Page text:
Even the bread-and-cheese topping gets an upgrade in this superior soup. With slices of Brie and nutty Comté adding creaminess and richness, “it turns it from a soup to a meal,” Paré says. “Crusty on the outside, warm and comforting on the inside, it’s a no-brainer!” .
604.938.1879 | carambarestaurant.com
Red Wine Braised Brant Lake Wagyu Shortribs
Whisper it… despite living in one of the world’s finest winter sports resorts, Bearfoot Bistro’s Executive Chef Melissa Craig doesn’t ski! Laughing, she tells me that if she ever has a day off from her busy schedule at the restaurant throughout the colder months, you’ll find her at the spa, not on the mountain. “I definitely appreciate being in the kitchen for its warmth over the winter,” she says. “For me, wintertime is braising time.”
We talk childhood comforts; for Craig, one of her favourites, along with the classic grilled cheese sandwich, was a beef stroganoff with egg noodles that her mum used to make. “It was just ground beef, and I think Campbell’s mushroom soup, but it was so good! There was also the Saturday morning tradition of making potato pancakes, where all three of us kids would be in the kitchen — one peeling, one grating and one cooking (me). These are still one of my favourite things to make when I’m craving comfort. And you can’t beat an old-school taco with all the fixings, but fresh serrano peppers are a must."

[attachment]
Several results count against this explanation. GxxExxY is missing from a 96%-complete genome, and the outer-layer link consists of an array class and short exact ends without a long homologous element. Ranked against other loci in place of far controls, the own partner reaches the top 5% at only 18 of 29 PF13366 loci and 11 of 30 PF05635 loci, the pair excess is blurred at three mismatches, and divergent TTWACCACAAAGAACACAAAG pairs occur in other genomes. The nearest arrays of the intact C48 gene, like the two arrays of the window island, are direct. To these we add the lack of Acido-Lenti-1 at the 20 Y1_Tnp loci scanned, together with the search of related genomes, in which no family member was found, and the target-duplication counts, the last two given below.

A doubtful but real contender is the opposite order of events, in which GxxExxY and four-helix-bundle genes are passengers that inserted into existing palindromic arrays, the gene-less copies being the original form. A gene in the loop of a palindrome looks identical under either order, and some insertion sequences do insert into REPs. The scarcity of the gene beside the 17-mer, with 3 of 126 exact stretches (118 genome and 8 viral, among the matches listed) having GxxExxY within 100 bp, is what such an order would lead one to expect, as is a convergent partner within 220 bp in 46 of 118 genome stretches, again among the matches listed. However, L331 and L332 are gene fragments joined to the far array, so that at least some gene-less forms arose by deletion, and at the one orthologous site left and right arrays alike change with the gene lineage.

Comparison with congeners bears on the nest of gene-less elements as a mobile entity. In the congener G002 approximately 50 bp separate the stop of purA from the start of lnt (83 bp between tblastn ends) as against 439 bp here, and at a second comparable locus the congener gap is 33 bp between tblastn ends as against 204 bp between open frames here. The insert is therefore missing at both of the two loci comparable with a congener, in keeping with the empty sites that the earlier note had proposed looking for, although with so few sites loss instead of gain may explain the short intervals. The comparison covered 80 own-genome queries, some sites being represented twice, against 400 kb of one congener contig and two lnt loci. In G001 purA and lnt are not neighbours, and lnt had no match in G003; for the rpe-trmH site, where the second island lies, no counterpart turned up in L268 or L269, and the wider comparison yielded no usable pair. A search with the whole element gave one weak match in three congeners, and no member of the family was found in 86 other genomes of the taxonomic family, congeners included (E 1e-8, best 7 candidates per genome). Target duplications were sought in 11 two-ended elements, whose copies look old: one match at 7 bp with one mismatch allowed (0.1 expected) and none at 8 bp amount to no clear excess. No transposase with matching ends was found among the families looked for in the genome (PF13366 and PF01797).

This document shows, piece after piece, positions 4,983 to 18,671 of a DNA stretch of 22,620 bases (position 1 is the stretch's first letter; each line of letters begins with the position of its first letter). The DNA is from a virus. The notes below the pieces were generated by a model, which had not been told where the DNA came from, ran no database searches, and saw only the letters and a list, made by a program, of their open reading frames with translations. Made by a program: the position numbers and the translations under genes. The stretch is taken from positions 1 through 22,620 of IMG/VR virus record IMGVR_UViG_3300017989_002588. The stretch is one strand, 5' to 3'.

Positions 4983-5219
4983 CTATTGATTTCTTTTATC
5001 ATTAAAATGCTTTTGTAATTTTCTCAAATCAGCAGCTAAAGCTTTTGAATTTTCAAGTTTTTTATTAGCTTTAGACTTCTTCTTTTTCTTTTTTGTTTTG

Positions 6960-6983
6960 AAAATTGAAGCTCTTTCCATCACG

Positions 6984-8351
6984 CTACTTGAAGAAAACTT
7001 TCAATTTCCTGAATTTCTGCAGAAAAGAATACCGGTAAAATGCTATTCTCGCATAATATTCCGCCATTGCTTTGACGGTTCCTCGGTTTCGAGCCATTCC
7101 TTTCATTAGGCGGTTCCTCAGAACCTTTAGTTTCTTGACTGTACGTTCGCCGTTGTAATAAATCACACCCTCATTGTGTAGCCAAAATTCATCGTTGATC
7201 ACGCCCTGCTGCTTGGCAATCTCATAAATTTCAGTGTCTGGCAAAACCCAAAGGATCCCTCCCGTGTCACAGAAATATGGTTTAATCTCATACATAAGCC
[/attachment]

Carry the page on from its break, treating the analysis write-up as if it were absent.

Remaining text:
A new favourite is a carbonara that her partner, Bearfoot Bistro founder André Saint-Jacques, whips up at home. “He made it last night, and I couldn’t stop eating it. It was the best I’ve ever had. The linguine was perfectly al dente, and it was so comforting and delicious.”
While the Bearfoot’s winter menu might not include Saint-Jacques’s perfect pasta, you’ll find plenty to comfort you after a day on the slopes — or at the spa. Dive into a plate of Chef Craig’s Red Wine Braised Brant Lake Wagyu Shortribs glazed with a rich jus. Served with a Yukon Gold potato purée, confited lobster mushrooms harvested by the kitchen team, and a picked Brussels sprout salad — “just peel the outer leaves, then take the hearts and toast them for a couple of textures!” This hearty dish is guaranteed to bring all the good feelings you’re craving.